Accession Number : ADA585967


Title :   Predictions of Helmet Pad Suspension System Performance using Isolated Pad Impact Results


Descriptive Note : Conference paper


Corporate Author : PROJECT MANAGER SOLDIER PROTECTION AND INDIVIDUAL EQUIPMENT HAYMARKET VA


Personal Author(s) : Hopping, Jakob A ; Zheng, J ; Bosselman, S ; Masters, K ; Perritt, C


Full Text : https://apps.dtic.mil/dtic/tr/fulltext/u2/a585967.pdf


Report Date : 13 Sep 2010


Pagination or Media Count : 12


Abstract : The Advanced Combat Helmet (ACH) pad suspension system is the primary attenuator of low-rate blunt impacts to a Soldier s head. Quantification of pad suspension system improvements currently requires the costly and time consuming testing of an entire helmet. Two potential methodologies for independently testing pads were assessed using four existing pad designs. One of these methodologies used a flat anvil impact surface, and the other used a modular elastomer pad (MEP) impact surface. Independent pad testing was conducted at three environmental and four impact velocity conditions. These test results were compared to those from complete helmet tests under the same environmental conditions and three of the four impact velocity conditions. This comparison shows that ambient (295 oK) temperature, 3.0 m/s independent pad impacts on a MEP surface account for over 99% of the variation observed in ambient (295 oK) temperature, 3.0 m/s complete system impacts. Under the same conditions, the flat anvil impact surface results account for 92% of the variation seen in complete system impacts. Despite positive results under ambient conditions, independent pad impacts are not a useful predictor of pad suspension system performance under extreme high or low temperatures. For example, hot (327 oK) temperature, 3.0 m/s independent pad impacts on a MEP surface account for only 31% of the variation observed in hot (327 oK) temperature, 3.0 m/s complete system impacts. Under the same conditions, flat anvil impact results account for only 4.4% of the variation seen in system impacts. At extreme temperature conditions, interactions of the helmet or impact surface with the pad suspension system likely contribute significantly to the end result. Independent impacts become progressively less valuable as a predictor of helmet system results as the impact temperature condition becomes increasingly extreme, and future studies will assess alternative test setups that may eliminate t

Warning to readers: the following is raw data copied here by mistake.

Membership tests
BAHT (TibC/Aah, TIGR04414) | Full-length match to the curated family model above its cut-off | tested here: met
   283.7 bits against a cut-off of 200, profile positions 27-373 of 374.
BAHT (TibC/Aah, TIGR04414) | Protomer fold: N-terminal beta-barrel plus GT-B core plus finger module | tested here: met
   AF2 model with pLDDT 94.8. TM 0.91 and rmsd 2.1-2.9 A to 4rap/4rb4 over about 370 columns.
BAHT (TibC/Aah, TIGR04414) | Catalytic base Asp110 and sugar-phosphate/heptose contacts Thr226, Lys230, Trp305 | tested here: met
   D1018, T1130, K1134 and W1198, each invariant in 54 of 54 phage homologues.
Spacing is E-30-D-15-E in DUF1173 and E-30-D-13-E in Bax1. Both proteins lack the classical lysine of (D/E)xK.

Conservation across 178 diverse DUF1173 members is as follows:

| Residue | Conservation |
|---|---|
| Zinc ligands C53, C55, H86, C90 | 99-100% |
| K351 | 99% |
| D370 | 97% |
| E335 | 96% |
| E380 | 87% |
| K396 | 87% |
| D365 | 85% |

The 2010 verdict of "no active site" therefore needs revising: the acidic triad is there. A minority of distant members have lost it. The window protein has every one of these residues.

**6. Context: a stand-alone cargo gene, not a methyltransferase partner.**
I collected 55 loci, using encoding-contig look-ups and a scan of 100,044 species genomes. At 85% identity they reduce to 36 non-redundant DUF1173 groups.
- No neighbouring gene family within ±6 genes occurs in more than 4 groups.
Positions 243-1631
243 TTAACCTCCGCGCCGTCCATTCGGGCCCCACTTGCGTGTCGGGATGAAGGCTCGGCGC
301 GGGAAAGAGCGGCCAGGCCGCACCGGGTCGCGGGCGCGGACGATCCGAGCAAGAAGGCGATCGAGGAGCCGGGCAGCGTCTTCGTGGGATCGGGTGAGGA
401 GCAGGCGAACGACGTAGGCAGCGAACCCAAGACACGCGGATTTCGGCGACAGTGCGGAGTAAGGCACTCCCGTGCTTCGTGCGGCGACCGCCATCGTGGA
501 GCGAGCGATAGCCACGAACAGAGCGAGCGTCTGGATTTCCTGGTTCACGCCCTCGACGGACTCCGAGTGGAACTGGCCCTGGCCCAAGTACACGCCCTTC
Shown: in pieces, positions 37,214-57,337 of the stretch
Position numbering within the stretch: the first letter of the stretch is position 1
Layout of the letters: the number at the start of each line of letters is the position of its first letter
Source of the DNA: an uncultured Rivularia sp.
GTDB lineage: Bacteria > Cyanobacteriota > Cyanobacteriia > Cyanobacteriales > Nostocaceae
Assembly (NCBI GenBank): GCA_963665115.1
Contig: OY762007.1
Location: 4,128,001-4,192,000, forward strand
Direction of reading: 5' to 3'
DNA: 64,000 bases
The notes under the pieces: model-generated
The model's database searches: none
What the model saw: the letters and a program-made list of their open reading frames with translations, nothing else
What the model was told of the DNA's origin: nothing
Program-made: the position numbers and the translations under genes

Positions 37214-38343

Descriptors :   *HELMETS , *PADS(CUSHIONS) , IMPACT , IMPACT TESTS , TEST AND EVALUATION


Subject Categories : Protective Equipment


Distribution Statement : APPROVED FOR PUBLIC RELEASE